Objective: The objective of this study was to evaluate basal anti-Müllerian hormone as a marker for ovarian responsiveness to fertility treatment.
Study design: Frozen basal menstrual cycle day 3 serum samples were evaluated retrospectively for anti-Müllerian hormone, inhibin B, and follicle-stimulating hormone levels in 123 in vitro fertilization cycles (93 patients) and compared with in vitro fertilization records.
Results: Anti-Müllerian hormone values correlated the best with the number of retrieved oocytes (r = 0.539; P < .001) relative to age (r = -0.323; P < .01), follicle-stimulating hormone (r = -0.317; P < .01), inhibin B (P > .05), luteinizing hormone (P > .05), and estradiol (r = -0.190; P < .05). Receiver operating characteristic curve analysis demonstrated that, for the prediction of <4 oocytes retrieved, anti-Müllerian hormone had the largest area under the curve (AUC = 0.81; P = .0001) relative to age (r = 0.74; P = .005), follicle-stimulating hormone (0.71; P = .02), inhibin B (0.66; P = .03), and estradiol (0.54; P > .05). Similarly, for the prediction of >or=15 retrieved oocytes, anti-Müllerian hormone had the largest area under the curve (0.80; P = .0001) relative to age (0.63; P = .02), follicle-stimulating hormone (0.64; P = .005), inhibin B (r = 0.57; P > .05), and estradiol (0.58; P > .05).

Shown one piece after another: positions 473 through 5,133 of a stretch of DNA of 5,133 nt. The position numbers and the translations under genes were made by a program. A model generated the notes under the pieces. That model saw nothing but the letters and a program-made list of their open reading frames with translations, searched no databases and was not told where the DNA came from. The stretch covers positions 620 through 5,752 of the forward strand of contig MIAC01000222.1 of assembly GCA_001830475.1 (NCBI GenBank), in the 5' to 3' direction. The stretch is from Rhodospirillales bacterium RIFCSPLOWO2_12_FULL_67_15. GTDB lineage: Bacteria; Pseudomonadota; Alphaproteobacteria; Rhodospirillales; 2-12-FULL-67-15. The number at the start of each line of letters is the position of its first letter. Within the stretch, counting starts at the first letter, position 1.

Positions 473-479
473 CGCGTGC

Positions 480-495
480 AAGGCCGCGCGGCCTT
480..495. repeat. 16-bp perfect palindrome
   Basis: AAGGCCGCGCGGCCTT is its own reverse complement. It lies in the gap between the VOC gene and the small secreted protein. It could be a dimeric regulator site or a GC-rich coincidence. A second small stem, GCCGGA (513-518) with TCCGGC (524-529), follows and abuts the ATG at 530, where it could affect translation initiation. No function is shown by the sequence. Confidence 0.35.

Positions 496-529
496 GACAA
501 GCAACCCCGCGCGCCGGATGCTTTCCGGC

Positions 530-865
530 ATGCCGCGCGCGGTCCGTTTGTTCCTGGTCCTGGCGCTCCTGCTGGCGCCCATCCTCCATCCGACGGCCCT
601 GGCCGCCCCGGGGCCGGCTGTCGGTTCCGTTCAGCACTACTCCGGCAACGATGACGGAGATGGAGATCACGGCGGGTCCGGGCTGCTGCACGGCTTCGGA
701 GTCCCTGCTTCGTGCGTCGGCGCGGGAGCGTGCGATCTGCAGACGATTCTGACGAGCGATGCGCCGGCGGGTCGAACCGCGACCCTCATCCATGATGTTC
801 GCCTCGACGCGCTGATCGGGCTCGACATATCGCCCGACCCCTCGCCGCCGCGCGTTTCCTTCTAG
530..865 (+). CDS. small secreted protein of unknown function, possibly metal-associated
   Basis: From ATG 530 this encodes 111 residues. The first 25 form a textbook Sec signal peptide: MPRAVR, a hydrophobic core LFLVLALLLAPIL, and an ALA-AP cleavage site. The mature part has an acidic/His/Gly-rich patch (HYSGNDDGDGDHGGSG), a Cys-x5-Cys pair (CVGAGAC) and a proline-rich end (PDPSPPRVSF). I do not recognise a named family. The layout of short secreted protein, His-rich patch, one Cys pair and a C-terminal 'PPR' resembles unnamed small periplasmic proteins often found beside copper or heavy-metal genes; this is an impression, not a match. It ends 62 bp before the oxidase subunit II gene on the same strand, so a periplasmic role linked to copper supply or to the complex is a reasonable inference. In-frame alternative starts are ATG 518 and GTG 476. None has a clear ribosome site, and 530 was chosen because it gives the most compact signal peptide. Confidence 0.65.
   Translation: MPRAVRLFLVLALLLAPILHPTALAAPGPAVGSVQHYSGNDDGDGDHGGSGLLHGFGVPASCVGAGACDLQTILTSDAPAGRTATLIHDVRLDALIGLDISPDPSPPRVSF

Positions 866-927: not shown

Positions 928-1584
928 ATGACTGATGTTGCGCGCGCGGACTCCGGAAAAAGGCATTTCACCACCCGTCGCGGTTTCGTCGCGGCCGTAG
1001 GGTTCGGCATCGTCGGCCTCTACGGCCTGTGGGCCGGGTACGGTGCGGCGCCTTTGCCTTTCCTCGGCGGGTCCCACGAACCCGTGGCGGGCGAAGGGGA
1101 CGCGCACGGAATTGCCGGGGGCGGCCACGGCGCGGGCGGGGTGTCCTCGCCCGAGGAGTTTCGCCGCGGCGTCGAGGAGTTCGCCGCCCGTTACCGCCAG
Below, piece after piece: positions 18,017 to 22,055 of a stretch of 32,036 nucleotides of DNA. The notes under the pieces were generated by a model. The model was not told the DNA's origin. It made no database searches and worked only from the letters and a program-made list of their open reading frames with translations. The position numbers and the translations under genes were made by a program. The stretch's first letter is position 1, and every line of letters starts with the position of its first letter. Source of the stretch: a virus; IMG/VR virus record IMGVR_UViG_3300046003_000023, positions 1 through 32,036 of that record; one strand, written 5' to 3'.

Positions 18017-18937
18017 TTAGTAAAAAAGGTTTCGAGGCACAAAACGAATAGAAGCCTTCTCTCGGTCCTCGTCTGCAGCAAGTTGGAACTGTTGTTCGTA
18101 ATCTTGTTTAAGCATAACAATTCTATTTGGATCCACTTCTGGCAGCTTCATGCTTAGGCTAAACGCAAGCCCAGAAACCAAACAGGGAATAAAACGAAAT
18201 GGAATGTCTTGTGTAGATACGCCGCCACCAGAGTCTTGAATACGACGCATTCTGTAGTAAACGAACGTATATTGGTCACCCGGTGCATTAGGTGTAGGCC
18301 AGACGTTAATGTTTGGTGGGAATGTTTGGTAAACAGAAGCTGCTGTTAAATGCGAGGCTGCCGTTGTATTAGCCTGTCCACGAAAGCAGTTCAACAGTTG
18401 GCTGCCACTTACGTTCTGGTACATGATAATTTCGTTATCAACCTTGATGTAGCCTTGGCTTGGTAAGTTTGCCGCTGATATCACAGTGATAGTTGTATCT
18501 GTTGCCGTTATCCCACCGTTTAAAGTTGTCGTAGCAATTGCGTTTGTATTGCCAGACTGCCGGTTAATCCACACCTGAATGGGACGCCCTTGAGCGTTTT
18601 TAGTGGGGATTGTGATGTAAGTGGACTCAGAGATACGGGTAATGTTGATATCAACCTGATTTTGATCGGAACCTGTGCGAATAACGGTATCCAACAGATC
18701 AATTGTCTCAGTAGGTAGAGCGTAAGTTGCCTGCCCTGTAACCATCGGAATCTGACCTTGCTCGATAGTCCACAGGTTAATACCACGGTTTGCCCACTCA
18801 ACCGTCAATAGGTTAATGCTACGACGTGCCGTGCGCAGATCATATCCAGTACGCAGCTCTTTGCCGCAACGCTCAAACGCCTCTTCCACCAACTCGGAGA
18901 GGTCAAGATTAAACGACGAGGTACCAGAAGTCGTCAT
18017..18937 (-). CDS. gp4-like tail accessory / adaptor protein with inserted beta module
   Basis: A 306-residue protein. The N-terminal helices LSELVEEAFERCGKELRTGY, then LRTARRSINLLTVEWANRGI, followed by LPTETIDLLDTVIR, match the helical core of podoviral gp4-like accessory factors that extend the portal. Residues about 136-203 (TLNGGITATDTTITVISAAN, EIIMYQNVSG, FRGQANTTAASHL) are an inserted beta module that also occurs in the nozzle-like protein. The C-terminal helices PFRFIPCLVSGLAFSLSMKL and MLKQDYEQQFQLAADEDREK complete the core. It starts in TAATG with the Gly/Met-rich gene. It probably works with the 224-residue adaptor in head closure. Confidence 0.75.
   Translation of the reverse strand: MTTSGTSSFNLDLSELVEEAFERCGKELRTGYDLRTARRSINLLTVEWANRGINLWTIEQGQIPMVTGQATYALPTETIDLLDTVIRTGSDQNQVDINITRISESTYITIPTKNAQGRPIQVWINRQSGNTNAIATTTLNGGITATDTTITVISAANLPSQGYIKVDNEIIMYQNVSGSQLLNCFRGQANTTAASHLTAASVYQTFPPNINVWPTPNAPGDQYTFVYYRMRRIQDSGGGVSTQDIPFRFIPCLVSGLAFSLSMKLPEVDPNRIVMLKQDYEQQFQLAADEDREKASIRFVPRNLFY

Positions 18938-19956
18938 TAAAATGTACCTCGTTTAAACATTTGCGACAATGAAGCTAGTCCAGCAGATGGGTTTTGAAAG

Conclusion: Anti-Müllerian hormone correlates better than age, follicle-stimulating hormone, luteinizing hormone, inhibin B, and estradiol with the number of retrieved oocytes. Receiver operating characteristic curves estimated that anti-Müllerian hormone accurately predicts ovarian responsiveness to controlled ovarian stimulation with high sensitivity and specificity.